The History of British Columbia Beekeeping

A Great New Book - BC Beekeeping History

A Great New Book – BC Beekeeping History

I found some time to read a book, A History of Beekeeping in British Columbia from 1950 to 2000, and have thoroughly enjoyed it. Like most prairie dwellers, I have trekked out through beautiful British Columbia as often as possible. So I am somewhat familiar with the areas the book delves into – places with the names Central Cariboo, Skeena Valley, East Kootenays, and Maple Ridge, among many others. These names always conjure great memories of gorgeous scenes and wonderful places. But I lingered longest among the dozen pages devoted to the Peace River Area. When I was but a teenager, I drove up to the Peace, thinking I should become a beekeeper there. The scenery is wonderful. The Peace River, a part of the Arctic-bound Mackenzie watershed, is dramatic and inspiring. But, of course, it was the rumours of 300 pound honey crops grown from packages of bees that really enticed me. As it turned out, an opportunity opened up for me in Saskatchewan, instead. But I’ve often wondered how my life might have evolved had I gone to work for Ernie Fuhr, or the Van Hans, or someone else up on the Earth’s rooftop, and then slowly began building my bee farm somewhere just off the Alaska Highway. When I read the BC Bee History and the clips about 430 pound averages, well it seems whimsical now. I’m glad that the author, Douglas McCutcheon, has collected the stories of the bees and beekeepers that belong to these places.

Part of the great beauty of British Columbia, and the great challenge in preparing a book like this, is centered on the extreme diversity of climates, agricultural regions, and environmental domains of the province. The author does a nice job of pulling it all together. From rocky-peaked mountains to foggy islands, bucolic pastures to rolling plains, BC hosts beekeepers everywhere, all with unique conditions, many with unusual forage crops, some engaged in a climate with Mediterranean bliss, others struggling in a severe continental environment. It all makes for an interesting compilation.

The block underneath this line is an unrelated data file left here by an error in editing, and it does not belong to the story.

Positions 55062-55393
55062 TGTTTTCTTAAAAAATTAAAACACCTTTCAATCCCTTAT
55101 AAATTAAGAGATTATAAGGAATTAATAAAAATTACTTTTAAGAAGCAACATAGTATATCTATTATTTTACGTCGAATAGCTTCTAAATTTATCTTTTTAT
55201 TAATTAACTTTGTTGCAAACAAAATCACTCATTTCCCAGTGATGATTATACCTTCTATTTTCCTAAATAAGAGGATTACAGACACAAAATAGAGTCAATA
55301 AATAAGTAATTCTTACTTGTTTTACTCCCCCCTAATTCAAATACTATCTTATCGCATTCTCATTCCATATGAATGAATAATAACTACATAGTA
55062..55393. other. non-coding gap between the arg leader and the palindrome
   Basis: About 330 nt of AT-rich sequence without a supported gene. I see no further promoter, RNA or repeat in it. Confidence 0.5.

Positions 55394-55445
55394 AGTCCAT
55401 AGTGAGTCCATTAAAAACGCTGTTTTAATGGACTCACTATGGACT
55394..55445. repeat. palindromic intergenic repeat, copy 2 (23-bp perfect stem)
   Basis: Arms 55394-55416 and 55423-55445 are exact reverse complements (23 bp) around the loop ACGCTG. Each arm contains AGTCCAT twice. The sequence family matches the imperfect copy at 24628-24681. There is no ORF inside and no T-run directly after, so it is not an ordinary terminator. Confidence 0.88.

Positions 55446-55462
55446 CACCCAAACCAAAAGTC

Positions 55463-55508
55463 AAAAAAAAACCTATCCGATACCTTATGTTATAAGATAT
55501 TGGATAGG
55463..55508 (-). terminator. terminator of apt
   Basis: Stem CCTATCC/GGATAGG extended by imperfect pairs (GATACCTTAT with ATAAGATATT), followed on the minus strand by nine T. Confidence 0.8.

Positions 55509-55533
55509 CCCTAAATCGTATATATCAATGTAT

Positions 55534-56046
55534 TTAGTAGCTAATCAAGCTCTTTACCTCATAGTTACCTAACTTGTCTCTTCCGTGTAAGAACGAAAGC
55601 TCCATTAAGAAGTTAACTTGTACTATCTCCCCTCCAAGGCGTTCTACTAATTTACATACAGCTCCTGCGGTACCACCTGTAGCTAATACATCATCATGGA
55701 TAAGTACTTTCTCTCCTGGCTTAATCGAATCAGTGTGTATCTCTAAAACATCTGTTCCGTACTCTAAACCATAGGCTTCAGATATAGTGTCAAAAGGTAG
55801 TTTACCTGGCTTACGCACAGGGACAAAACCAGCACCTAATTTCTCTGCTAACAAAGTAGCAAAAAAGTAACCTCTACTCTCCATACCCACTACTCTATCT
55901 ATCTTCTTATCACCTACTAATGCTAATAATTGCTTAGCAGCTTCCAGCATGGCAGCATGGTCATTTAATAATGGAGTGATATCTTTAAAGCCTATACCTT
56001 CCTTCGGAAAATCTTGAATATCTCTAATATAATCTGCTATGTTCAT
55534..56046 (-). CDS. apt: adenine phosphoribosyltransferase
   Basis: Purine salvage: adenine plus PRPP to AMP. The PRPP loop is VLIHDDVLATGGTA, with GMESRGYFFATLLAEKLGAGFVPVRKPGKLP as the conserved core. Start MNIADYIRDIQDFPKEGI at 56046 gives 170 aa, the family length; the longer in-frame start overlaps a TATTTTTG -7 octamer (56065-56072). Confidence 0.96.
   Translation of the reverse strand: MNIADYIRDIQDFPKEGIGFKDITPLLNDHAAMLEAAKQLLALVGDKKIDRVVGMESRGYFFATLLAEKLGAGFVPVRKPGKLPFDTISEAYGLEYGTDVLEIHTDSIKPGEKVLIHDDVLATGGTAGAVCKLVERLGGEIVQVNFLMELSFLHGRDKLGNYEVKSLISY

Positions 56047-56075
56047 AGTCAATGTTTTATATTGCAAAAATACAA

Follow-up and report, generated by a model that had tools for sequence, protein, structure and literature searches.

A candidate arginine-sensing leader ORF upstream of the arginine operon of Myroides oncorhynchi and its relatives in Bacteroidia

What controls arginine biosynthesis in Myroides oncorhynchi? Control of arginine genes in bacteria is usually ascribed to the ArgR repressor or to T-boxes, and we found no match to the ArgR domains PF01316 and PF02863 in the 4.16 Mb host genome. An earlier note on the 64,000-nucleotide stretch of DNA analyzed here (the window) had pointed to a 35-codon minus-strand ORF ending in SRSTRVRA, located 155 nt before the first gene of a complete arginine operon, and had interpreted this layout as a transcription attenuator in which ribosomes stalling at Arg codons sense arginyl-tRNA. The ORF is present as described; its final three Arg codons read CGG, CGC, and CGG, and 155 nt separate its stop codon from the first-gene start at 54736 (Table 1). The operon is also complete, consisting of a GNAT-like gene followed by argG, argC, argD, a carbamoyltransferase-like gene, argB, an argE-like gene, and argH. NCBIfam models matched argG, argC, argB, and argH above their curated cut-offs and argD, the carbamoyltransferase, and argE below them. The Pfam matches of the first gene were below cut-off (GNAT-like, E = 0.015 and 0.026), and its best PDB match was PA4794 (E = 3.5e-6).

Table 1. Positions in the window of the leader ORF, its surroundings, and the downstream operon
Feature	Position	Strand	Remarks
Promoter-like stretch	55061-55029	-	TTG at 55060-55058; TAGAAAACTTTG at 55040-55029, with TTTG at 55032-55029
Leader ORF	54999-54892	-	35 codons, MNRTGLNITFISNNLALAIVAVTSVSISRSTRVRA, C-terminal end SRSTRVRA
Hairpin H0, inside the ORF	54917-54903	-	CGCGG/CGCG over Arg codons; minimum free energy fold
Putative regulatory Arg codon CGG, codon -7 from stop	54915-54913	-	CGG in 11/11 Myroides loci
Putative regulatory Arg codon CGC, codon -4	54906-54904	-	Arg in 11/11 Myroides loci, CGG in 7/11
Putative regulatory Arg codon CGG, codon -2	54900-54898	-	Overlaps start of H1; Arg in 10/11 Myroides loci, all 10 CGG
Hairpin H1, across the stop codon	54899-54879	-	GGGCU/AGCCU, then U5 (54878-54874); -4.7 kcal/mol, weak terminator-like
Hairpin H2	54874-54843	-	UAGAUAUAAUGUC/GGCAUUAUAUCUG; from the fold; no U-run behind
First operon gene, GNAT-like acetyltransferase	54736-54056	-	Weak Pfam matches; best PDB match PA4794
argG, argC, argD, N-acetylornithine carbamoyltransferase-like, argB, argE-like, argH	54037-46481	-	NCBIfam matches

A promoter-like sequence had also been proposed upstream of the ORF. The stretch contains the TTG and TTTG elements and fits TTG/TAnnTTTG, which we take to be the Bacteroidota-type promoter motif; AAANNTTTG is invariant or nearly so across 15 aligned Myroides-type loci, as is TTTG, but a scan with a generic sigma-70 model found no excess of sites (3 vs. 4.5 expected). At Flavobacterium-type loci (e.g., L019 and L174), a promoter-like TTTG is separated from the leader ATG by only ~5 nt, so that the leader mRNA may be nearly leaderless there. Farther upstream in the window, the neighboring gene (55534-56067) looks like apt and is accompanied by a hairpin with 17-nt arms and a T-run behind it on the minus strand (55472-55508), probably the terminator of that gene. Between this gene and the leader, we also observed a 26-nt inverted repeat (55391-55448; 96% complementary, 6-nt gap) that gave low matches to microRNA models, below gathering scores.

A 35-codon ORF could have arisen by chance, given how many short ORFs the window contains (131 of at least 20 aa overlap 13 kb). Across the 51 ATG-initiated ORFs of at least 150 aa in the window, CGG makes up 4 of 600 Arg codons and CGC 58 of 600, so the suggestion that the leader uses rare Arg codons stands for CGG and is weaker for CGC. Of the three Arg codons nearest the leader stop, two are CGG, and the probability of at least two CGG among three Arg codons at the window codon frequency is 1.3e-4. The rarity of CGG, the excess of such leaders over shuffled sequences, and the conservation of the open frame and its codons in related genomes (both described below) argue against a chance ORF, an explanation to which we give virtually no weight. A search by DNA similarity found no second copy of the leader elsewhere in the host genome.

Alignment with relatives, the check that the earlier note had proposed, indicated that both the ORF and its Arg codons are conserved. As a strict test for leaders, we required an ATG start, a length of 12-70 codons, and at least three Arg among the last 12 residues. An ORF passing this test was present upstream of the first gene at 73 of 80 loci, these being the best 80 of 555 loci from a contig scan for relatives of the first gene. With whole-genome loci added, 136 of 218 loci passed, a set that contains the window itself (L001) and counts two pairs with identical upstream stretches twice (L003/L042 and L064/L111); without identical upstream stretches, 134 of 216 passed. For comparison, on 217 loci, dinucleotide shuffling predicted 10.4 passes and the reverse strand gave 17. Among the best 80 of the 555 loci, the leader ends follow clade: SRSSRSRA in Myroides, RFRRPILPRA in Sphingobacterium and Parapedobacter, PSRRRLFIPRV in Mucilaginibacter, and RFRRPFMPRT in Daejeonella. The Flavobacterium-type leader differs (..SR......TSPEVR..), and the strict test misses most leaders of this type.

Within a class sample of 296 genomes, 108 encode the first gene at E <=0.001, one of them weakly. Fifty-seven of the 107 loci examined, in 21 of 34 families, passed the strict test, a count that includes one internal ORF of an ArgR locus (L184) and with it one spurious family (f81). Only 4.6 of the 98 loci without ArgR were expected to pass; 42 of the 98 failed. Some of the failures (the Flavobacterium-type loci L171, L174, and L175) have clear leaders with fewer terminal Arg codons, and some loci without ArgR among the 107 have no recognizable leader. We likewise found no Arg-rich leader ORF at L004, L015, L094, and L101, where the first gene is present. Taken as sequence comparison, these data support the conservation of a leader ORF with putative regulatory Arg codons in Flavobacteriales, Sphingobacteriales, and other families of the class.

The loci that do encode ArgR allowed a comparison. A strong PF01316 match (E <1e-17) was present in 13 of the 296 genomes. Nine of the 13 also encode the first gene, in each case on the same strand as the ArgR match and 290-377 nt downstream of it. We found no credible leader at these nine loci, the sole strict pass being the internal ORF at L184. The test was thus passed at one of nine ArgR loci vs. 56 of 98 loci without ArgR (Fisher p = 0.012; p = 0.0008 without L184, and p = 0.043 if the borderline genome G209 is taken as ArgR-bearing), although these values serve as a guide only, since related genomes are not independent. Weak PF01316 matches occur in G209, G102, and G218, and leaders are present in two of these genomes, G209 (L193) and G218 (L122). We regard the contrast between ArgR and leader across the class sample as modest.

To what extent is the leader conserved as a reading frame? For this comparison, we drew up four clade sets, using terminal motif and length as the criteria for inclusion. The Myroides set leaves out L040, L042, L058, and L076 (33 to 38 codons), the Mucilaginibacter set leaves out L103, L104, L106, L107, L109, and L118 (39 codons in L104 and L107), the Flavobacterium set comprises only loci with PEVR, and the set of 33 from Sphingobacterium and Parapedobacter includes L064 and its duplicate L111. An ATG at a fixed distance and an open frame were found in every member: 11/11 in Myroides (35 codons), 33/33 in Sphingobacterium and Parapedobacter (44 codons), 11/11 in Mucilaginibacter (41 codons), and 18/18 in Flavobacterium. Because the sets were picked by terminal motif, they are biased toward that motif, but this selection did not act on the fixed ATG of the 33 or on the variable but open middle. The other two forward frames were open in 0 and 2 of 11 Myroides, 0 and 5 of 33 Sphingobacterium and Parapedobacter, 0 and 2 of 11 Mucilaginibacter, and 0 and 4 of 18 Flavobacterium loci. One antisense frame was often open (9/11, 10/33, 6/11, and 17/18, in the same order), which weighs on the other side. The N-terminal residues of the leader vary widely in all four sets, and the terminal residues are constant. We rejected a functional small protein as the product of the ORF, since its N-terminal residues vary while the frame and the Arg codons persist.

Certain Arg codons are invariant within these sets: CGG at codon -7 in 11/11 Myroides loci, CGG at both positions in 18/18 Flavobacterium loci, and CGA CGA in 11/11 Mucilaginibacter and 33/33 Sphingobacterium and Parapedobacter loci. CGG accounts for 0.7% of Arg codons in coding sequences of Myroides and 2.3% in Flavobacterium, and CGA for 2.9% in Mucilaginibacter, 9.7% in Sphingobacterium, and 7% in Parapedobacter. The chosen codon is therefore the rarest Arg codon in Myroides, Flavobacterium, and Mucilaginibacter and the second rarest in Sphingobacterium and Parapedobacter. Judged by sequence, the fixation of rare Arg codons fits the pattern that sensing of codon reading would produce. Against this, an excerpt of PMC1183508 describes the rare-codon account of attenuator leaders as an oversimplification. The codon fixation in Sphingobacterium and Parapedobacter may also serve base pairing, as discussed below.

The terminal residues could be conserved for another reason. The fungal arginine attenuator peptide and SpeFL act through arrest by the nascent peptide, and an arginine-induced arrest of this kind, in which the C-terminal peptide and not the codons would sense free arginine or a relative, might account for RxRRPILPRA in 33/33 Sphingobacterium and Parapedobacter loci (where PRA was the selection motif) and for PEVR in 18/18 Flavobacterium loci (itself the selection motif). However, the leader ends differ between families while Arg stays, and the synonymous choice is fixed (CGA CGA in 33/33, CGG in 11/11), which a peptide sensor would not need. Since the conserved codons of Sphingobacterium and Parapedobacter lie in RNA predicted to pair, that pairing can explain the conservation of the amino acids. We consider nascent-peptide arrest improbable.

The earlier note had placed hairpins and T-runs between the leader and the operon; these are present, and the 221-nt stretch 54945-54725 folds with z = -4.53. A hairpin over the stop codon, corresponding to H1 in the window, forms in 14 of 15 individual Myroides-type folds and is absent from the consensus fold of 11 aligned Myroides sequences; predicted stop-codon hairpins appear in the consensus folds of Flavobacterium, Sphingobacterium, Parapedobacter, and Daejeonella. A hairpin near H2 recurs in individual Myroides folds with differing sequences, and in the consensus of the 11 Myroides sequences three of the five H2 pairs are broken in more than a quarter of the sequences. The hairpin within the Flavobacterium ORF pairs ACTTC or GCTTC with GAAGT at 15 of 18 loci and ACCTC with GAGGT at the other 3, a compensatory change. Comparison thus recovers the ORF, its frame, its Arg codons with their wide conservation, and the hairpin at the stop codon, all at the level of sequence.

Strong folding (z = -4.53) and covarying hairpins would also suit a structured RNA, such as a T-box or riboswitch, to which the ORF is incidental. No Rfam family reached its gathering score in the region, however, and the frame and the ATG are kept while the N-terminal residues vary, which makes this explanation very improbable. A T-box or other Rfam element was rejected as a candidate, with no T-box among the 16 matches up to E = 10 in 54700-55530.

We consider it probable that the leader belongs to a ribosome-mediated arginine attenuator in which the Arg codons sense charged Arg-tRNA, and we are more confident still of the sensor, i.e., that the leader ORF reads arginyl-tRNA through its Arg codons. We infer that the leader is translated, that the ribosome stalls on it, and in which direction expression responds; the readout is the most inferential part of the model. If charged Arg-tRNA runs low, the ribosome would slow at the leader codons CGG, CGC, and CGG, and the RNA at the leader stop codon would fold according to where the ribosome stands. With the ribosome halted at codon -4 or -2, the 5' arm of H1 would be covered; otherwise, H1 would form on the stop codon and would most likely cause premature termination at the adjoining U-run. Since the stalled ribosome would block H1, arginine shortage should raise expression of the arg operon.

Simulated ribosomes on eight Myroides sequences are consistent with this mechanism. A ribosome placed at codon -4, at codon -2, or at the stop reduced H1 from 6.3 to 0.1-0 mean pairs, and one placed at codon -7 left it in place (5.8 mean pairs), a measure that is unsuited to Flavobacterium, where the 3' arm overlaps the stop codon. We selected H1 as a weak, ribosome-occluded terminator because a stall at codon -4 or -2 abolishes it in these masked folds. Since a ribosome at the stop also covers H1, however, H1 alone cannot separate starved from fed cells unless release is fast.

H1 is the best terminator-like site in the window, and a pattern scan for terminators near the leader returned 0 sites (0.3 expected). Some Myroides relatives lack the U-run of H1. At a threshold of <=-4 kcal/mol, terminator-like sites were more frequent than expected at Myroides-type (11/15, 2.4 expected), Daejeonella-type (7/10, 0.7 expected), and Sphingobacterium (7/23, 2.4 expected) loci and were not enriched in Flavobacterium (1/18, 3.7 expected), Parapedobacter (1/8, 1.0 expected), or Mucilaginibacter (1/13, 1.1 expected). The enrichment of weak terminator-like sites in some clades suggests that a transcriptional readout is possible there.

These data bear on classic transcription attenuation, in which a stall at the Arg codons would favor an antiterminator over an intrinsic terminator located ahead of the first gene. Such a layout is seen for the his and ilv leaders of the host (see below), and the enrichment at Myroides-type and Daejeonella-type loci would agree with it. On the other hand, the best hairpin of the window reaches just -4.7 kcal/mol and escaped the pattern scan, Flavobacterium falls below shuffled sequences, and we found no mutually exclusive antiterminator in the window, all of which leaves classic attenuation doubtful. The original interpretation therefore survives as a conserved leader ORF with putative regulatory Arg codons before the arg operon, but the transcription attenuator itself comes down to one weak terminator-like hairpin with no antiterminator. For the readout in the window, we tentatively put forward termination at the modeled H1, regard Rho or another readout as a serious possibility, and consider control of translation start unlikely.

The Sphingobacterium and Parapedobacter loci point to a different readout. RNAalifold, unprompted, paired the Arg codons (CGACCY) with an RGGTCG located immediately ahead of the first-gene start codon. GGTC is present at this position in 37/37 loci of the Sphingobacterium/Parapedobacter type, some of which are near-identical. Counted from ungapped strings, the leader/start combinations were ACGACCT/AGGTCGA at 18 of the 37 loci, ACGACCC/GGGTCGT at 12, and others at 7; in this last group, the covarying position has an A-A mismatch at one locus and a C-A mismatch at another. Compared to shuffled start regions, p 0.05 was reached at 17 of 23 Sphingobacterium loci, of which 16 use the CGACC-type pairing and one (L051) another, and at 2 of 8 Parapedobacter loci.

There is a lot to enjoy in the History of Beekeeping in BC. We tend to ignore our history too readily. And that condemns us to make blunders that might have been avoided. But the real joy in a book like this one comes from reading the dozens of sketches about the characters who were beekeepers last century. What would beekeeping be without “characters” anyway? Who would dare keep bees, if not the folks who live a tad bit differently from the rest of society? We are indebted to Doug McCutcheon and the editors and assistants at the BC Honey Producers Association who worked so hard to capture the memories, organize the stories, and publish the book. To them, many thanks.

If you would like to get a copy of this interesting book, you can order it by visiting the BC Beekeepers’ website. The book is large-format, contains 334 pages, over 100 photos, and covers a lot of interesting history. A bargain for $30. All proceeds beyond recovering the cost of production will be donated to the Boone Hodgson Wilkinson Trust Fund for Honey Bee Education and Research.

About Ron Miksha

Ron Miksha is a bee ecologist working at the University of Calgary. He is also a geophysicist and does a bit of science writing and blogging. Ron has worked as a radio broadcaster, a beekeeper, and Earth scientist. (Ask him about seismic waves.) He's based in Calgary, Alberta, Canada.
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